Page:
RESULTS: Forty-one NF-PanNETs (mean diameter 36.1 ± 26.5 mm) were included. Twenty-four showed features of lesion aggressiveness. Concordance of expressions of DAXX, ATRX, and ALT status between EUS-FNB and surgical specimens were 95.1% (κ = 0.828; p < 0.001), 92.7% (κ = 0.626; p < 0.001), and 100% (κ = 1; p < 0.001), respectively. DAXX/ATRX loss and ALT-positivity were significantly (p < 0.05) associated with metastatic lymphnodes and lymphovascular invasion. The combination of all tumor markers (DAXX/ATRX loss + ALT-positivity + grade 2) reached an accuracy of 73.2% (95%CI 57.1-85.8) in identifying aggressive lesions. Pre- and post-operative ki-67-based grading was concordant in 80.5% of cases (k = 0.573; p < 0.001).

CONCLUSION: DAXX/ATRX expression and ALT status can be accurately evaluated in a preoperative setting on EUS-FNB samples, potentially improving the identification of patients with increased risk and poorer prognosis.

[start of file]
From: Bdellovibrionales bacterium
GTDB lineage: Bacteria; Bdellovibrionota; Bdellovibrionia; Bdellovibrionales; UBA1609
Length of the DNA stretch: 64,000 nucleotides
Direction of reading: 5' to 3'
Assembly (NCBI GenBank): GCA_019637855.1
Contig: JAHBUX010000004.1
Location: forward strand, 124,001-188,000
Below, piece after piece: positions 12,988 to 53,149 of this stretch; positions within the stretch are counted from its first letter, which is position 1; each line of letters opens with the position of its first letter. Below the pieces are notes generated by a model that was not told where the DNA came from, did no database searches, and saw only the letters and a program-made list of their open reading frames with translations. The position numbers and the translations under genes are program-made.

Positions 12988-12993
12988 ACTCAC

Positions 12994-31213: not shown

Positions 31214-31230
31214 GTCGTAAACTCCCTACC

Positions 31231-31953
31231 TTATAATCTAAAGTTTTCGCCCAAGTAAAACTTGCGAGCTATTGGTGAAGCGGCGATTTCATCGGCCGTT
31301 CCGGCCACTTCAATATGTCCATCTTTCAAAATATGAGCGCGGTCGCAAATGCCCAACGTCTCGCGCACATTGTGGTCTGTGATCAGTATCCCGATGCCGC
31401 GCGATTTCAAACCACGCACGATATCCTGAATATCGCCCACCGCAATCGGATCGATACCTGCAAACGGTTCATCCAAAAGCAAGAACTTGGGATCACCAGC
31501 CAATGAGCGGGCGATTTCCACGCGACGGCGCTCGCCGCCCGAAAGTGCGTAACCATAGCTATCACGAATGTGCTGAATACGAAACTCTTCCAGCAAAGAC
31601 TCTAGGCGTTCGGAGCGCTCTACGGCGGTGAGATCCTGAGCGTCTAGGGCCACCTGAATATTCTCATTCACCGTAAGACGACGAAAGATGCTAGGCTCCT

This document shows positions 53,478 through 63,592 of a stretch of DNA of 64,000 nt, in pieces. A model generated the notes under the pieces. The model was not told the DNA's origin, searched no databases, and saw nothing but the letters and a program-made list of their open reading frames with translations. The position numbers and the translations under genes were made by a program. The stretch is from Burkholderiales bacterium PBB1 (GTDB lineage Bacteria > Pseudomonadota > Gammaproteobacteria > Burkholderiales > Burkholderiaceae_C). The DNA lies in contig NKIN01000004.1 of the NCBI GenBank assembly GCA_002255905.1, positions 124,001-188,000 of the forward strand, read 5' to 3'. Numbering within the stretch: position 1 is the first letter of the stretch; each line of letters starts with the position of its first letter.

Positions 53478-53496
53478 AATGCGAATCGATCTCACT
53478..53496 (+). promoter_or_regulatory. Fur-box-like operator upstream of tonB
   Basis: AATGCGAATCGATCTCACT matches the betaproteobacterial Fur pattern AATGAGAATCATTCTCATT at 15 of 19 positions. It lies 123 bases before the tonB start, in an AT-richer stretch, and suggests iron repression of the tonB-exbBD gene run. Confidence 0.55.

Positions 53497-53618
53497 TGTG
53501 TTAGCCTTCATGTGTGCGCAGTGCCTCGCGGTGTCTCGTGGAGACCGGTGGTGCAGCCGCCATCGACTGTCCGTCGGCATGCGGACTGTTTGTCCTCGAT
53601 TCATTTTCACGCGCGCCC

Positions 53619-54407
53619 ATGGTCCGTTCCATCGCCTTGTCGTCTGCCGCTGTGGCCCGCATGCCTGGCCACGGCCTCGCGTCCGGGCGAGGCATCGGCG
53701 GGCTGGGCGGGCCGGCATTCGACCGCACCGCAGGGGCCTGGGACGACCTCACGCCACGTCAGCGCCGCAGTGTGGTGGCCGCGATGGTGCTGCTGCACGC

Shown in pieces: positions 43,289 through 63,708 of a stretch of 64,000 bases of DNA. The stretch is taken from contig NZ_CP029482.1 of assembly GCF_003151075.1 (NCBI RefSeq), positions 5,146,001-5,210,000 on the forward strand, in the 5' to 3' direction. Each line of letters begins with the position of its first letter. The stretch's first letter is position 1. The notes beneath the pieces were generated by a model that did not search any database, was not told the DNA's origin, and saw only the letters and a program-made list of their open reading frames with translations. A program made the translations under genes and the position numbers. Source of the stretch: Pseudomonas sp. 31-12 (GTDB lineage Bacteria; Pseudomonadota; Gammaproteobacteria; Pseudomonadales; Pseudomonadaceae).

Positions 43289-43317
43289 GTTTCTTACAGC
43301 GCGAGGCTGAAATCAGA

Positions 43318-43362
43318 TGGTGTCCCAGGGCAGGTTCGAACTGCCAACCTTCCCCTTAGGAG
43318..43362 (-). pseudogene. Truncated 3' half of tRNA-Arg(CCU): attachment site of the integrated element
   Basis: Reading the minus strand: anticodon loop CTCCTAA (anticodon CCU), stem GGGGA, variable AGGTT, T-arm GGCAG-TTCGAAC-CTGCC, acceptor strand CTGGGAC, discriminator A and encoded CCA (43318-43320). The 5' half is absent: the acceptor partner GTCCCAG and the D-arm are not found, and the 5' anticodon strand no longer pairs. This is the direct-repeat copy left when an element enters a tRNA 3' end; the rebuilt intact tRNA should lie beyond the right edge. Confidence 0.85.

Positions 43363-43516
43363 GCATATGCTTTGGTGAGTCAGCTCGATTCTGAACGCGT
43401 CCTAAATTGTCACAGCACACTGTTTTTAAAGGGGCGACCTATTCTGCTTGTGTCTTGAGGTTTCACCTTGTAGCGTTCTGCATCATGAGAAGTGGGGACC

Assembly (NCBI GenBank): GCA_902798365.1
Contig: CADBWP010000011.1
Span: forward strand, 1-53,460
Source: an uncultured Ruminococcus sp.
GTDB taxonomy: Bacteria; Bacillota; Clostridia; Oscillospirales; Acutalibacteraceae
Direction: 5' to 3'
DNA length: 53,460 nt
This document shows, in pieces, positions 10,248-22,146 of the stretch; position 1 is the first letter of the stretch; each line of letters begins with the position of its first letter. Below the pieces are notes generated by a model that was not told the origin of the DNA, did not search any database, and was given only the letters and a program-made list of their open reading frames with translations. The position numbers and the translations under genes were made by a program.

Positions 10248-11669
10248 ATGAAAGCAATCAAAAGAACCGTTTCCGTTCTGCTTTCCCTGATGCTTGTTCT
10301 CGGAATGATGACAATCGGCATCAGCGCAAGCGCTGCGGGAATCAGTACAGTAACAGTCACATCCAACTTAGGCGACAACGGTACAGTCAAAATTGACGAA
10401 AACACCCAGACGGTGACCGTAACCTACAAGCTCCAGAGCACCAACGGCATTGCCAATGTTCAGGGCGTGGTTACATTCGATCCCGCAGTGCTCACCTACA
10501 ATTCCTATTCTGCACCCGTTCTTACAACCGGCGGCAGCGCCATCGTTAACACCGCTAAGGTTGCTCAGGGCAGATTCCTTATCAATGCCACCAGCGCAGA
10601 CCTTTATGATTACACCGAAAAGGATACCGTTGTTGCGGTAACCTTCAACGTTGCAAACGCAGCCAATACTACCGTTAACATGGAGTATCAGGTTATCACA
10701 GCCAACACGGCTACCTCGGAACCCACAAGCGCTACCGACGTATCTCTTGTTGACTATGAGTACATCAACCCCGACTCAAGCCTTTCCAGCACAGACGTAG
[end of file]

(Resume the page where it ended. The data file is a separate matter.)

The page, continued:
RevDate: 2023-05-11

Maiese K (2023)

The Implications of Telomere Length: Advanced Aging, Cell Senescence, MRI Phenotypes, Stem Cells and Alzheimer's Disease.

RevDate: 2023-05-10

Mannherz W, S Agarwal (2023)

Publisher Correction: Thymidine nucleotide metabolism controls human telomere length.

RevDate: 2023-05-10

Ida CM, RB Jenkins (2023)

SMARCAL1: Expanding the spectrum of genes associated with alternative lengthening of telomeres.

RevDate: 2023-05-10

Yang D, Chen X, Cao W, et al (2023)

Association between mixed exposure of polycyclic aromatic hydrocarbons and telomere length in general population: NHANES 2001-2002.

Environmental science and pollution research international [Epub ahead of print].